By weaving visual storytelling and design together through digital platforms, I’m finally able to publish my Multimedia Communication Matrix.
The Multimedia Communication Matrix offers a thought-provoking insight into the opportunities and threats inherent in today’s digital sphere.
Its final aim is to encourage stakeholders to critically address intercultural communication, visual communication and the building of interactive platforms to promote their chosen cause and enhance their impact activities.
Multimedia Communication Matrix
The Multimedia Communication Matrix (MCM) relies on 20+ years of professional experience and academic research to inspire and equip those who attend my courses with the skills and confidence needed to successfully manage their digital projects.
Similarly, my delivery of theory and hands-on competencies is continuously revised and enhanced to best match my client’s requirements.
I am particularly proud of and recognised for my ability to navigate and positively engage the cultural sensitivities of those involved in my training events.
Previous and on-going clients include universities, media agencies, international institutions and private partners e.g. The Iranian State Radio in Tehran (Iran), the NGO NASYO in Baghdad (Iraq), the UN Agencies IOM, UNESCO and ILO alongside the Diplomatic institute of the Italian Ministry of Foreign Affairs.
Over the last year alone, I was privileged to contribute to the following events…
International Labour Organization
On November 20-22, 2017 I delivered an intensive 3-day training on Visual communication and digital storytelling for gender mainstreaming at the Training Centre of the International Labour Organization of the United Nations (ILO / UN)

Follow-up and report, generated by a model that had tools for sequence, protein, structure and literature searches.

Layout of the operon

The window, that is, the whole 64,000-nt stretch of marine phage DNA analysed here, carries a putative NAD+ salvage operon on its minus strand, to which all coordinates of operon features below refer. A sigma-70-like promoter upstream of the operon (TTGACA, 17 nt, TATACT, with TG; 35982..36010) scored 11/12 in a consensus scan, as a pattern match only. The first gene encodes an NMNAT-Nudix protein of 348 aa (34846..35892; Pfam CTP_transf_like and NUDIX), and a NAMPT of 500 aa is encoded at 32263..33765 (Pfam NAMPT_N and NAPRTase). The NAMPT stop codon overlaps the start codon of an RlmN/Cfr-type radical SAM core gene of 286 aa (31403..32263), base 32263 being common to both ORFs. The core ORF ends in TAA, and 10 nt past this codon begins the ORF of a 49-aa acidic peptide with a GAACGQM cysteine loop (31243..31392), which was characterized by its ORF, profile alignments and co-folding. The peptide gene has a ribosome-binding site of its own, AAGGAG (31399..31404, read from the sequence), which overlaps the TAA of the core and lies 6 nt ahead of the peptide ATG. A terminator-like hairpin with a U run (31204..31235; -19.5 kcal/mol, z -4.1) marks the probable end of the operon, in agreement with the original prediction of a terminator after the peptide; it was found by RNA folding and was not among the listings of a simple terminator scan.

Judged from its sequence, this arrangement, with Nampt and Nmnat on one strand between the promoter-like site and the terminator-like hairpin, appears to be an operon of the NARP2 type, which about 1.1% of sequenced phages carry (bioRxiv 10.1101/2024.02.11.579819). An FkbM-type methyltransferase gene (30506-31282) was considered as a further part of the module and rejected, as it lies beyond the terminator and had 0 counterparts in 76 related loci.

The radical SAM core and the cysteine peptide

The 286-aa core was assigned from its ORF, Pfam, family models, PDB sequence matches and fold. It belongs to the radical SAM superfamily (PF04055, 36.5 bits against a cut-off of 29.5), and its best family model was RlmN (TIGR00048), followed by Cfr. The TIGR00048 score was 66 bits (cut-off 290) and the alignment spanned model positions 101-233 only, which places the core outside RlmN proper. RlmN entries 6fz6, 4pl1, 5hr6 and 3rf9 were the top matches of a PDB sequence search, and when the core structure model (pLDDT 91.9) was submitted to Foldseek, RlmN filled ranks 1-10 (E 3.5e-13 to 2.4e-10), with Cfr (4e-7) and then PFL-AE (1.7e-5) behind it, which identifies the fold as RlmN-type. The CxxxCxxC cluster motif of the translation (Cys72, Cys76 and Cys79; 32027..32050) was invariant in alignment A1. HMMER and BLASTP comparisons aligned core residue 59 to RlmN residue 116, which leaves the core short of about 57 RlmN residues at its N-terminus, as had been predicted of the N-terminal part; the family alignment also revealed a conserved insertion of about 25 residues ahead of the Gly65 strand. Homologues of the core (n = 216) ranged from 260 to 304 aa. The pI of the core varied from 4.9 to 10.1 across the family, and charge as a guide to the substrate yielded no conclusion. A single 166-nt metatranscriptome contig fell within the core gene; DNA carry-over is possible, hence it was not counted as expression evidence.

We explored the extent to which visual communication and digital storytelling are to be strategically employed towards gender mainstreaming actions and comprehensive policies.
Specifically, we learnt how to incorporate into media campaigns the visual and emotional qualities of contemporary communication. Upon that, we enhanced shifting storytelling formats and techniques to finalize gender-focused research and practice.
The training consistently applied my Multimedia Communication Matrix, to complement established SWOT activities as the best tactic to finalize comprehensive strategic communication.
As a result, the workshop led participants to understand and practice tools and competencies fundamental for their daily activities.
This most rewarding experience led me to present my approach to storytelling teaching and practice at the ILO HQ in Geneva early in January 2018.
Powerful images, combined with digital technology have become central to the way we communicate. Instead of simply illustrating stories, innovative multimedia techniques allow the image to be the story.
How to guide audiences along multiple strands and layers of visual narration, with text playing a secondary role?
How does this work? What are the possibilities and challenges? What’s next?
On April 24th, I presented at a BBC public event my developing mobile App to teach and learn visual journalism. The event was hosted by the Arabic service and focused on the future of digital journalism.